1. The reason I let them blurted out English everywhere was because I worked so hard for the first few days to activate their creativity in story-making. They were very good students, and they hardly ever did anything like TPRS classroom in their entire middle school lives. I could still remember how shocked they were on the first day I told them not to take notes. So when we finally came to the point they were able to be the story master, it was like a sleeping volcano erupting. But you are right. I still need be in control. I did use your Participation Grade handout for my students to grade themselves each week, and then I graded them with feedback. I am going to continue doing this to get the classroom atmosphere I want.
        I am scared to let go of my script. But I will go for it tomorrow to practice. The scarier is the place the more I should enter. I will use wait time. I will LISTEN to them. On Thursday I will have my first evaluation by principal. We will see how it goes.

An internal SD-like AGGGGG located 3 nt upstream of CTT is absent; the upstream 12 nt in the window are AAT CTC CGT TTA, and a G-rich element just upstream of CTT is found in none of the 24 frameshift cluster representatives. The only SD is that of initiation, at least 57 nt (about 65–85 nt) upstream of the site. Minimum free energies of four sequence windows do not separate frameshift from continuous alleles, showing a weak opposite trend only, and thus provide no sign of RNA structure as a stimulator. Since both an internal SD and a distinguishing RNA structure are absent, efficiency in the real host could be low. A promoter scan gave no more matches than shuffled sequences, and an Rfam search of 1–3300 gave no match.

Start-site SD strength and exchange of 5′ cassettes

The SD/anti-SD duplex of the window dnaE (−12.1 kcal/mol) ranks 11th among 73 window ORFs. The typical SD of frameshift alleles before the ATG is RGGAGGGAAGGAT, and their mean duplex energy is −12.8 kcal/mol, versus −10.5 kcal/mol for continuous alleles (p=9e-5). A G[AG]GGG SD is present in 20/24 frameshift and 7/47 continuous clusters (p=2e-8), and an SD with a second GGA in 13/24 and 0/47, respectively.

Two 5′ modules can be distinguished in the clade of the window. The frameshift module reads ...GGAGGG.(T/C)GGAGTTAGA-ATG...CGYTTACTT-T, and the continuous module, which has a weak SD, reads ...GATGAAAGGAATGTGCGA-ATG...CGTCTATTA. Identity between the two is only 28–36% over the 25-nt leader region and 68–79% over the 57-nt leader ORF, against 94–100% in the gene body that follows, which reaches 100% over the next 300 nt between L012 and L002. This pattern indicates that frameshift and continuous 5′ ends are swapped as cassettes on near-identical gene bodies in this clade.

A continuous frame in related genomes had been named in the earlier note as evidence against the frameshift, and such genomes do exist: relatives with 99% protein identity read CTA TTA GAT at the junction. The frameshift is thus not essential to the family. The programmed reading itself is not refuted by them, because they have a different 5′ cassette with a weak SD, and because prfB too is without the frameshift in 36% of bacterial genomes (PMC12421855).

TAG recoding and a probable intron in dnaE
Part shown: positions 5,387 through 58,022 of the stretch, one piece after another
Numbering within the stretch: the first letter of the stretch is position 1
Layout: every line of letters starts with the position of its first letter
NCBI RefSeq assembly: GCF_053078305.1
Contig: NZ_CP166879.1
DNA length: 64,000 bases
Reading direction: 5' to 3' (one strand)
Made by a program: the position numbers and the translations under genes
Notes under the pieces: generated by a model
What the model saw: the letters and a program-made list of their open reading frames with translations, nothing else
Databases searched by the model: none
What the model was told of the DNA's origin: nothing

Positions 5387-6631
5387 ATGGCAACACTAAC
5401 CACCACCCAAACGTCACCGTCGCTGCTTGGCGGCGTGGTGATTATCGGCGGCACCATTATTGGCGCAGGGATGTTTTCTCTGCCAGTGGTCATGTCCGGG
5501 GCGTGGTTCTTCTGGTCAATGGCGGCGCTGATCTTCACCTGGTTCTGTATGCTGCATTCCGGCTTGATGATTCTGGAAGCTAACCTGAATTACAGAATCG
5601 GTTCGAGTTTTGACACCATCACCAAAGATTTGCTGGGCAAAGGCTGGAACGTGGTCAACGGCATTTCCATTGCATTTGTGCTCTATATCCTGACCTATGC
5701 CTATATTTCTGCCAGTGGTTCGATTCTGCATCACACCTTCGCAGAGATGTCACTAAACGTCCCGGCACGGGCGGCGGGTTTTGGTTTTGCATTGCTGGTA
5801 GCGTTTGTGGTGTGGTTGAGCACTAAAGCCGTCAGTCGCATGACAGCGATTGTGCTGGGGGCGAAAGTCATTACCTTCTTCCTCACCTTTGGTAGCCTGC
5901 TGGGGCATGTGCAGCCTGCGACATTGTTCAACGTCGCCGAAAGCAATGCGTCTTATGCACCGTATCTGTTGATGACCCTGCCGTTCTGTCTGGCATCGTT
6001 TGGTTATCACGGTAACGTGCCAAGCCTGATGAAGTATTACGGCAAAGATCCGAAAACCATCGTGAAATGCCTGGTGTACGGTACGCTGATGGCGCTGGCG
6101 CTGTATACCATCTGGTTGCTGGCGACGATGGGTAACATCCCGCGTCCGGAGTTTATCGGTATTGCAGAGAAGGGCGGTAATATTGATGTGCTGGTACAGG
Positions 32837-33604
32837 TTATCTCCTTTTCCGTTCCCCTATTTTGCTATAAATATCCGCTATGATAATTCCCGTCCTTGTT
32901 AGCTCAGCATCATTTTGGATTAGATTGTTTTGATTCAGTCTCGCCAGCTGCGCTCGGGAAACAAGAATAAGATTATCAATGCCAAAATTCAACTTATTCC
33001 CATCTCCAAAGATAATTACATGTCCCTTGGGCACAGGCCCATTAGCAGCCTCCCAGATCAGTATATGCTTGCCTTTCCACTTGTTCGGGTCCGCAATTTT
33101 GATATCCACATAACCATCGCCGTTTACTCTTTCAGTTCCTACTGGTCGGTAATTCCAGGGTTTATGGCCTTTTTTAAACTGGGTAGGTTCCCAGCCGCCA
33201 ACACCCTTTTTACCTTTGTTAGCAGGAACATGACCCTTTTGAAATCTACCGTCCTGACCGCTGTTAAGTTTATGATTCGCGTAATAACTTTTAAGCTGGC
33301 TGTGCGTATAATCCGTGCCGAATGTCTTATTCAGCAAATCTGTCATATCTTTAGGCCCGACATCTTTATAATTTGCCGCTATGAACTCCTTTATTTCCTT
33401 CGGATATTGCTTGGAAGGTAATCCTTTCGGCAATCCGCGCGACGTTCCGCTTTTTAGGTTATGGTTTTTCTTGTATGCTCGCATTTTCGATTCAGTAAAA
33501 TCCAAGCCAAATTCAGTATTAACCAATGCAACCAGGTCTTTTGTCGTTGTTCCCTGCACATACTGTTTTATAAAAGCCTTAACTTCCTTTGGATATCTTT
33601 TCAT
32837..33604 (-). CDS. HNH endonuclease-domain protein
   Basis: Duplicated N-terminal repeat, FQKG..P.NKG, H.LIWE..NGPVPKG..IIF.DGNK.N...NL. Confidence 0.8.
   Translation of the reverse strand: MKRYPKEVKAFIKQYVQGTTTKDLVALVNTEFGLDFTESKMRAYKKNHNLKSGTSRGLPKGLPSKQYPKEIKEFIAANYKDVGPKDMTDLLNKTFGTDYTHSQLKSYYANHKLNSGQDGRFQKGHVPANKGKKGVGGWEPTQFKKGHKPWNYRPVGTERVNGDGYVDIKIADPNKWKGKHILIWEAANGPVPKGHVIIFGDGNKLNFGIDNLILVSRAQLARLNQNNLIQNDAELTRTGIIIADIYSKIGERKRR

1. We must ask why are the kids erupting with answers? If we can answer that, we will have found one of the big keys to one of the big doors to this approach in teaching. Are they erupting because they can’t contain themselves? Or because they don’t see anyone stopping them?

          Take a deep breath on each question. Bring balance to the class by your calm presence. Don’t fight their energy, guide it into the discussion. Do this by laser pointing to Rule #2.

          Do all of this while smiling. You are the breath and calm presence who will remind their youthful energy that we cannot learn unless one person speaks and the others listen. Be happy with them. Ask the questions.

          Each question generates an answer in the minds of many of the children. They just need a calm presence to remind them that one person speaks and the others listen. They need a teacher who is calm.

          This is the art of teaching. You invite them to suggest cute answers, but you constantly – in the first weeks with new classes who are not trained in the rules – gently remind them, via the laser pointer, of the rules.